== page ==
Stroke of Genius
I once watched a news item about a company that prefers to hire people with disabilities because they reasoned that they are more innovative.
When your body doesn't cooperate in some way, you certainly do need to “engineer” all of the activities most take for granted.
In 2017, I had major abdominal surgery which necessitated hiring a home health aide to stay for two weeks to assist in self and home care. I didn’t have much choice as far as accepting help with certain tasks, but I am very stubborn and wanted to do as much as I could on my own. I had been living with a disability from a stroke for 19 years when Mary was hired to help. She watched me struggle to do as much as I could without constant assistance.
People usually have difficulty watching me do everything using my super-coordinated right hand and my spastic left hand; they want to jump in and help. Over the course of so many years, I have developed countless strategies to deal with this limitation. I am in a constant state of working around it. The fact that my right hand is usually occupied with carrying a walking cane further complicates activities.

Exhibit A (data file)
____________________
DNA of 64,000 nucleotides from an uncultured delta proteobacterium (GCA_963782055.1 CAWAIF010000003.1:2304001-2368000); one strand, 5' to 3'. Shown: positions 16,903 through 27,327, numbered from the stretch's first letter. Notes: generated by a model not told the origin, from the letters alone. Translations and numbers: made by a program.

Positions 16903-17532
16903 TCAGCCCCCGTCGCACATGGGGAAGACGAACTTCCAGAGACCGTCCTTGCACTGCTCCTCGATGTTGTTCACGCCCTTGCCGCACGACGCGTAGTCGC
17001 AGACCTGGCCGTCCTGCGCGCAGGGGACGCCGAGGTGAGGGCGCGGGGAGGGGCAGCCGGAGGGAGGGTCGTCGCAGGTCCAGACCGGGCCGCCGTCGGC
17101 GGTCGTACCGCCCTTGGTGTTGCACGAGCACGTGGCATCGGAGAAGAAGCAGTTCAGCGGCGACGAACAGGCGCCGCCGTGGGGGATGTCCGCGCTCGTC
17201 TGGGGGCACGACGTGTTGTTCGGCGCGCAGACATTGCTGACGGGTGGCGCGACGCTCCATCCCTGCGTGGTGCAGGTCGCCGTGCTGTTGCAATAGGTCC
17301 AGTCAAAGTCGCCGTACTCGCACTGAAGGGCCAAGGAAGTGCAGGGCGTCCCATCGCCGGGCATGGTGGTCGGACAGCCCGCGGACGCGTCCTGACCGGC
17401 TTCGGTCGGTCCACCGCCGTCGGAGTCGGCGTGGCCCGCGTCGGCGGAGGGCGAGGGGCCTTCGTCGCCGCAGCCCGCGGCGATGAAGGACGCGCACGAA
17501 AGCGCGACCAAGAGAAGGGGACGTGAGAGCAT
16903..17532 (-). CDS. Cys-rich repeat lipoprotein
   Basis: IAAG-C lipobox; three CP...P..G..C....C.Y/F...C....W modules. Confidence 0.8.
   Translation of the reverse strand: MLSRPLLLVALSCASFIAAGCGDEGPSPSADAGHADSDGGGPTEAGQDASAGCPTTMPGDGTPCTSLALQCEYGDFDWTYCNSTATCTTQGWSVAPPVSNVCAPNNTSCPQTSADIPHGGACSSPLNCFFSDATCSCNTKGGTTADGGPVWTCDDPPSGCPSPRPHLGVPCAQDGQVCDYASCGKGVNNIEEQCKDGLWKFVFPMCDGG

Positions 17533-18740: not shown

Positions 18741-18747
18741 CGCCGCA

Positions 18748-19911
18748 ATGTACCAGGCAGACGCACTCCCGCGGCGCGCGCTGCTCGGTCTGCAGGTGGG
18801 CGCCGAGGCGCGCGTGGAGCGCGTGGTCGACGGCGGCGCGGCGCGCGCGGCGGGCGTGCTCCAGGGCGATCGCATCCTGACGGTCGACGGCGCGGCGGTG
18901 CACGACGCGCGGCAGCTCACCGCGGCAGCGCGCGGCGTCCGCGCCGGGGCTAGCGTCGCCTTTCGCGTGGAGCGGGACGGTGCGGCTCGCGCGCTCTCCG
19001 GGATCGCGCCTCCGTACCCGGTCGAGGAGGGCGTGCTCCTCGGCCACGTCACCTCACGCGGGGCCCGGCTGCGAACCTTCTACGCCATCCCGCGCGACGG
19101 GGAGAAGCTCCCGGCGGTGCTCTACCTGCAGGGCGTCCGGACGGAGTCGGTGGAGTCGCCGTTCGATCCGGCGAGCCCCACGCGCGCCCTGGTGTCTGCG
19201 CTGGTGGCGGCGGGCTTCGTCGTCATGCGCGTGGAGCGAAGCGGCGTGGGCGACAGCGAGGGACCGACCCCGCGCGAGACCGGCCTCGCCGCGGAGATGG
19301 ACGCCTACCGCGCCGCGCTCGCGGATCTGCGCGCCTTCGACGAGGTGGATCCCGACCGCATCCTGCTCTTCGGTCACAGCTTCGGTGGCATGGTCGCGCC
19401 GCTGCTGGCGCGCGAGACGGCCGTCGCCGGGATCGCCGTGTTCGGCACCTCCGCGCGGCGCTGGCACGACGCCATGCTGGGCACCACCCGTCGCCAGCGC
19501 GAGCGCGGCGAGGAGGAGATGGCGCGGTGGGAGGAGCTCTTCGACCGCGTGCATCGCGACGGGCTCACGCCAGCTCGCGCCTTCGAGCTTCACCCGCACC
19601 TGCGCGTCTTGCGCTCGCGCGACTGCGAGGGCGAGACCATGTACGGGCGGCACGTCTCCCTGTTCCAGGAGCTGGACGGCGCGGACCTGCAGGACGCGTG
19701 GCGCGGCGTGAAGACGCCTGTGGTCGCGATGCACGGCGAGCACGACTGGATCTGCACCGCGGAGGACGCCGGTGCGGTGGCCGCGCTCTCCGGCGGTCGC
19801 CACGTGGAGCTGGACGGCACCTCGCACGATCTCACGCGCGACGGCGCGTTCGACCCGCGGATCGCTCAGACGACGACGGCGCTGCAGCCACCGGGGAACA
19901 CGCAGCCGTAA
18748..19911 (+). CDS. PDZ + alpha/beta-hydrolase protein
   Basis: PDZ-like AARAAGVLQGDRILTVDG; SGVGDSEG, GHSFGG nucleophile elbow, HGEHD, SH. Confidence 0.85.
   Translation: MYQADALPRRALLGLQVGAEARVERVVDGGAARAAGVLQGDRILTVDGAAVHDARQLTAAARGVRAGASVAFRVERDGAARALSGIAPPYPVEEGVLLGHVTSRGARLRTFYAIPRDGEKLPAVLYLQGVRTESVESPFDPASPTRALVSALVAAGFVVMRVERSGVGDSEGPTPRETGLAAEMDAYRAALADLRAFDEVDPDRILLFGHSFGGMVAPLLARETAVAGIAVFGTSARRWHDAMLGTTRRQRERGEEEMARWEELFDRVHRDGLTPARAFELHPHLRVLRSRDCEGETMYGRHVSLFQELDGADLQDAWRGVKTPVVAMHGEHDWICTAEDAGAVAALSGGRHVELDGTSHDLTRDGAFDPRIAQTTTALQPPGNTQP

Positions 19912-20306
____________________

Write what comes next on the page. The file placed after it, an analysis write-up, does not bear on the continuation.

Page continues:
If our brains are indeed “plastic” and have the ability to re-route neural connections, then my brain has been re-wired in astonishing ways. I’ve gone from total paralysis of my left side to living a full life with lingering physical deficits over 20 years.
My cognitive abilities were only mildly affected in the immediate aftermath of the stroke. Some of my friends felt that the stroke just brought my intellectual level down closer to everyone else’s.
When Mary was ready to leave at the end of two weeks, she remarked that she believed I am a genius.
Thank you for reading:)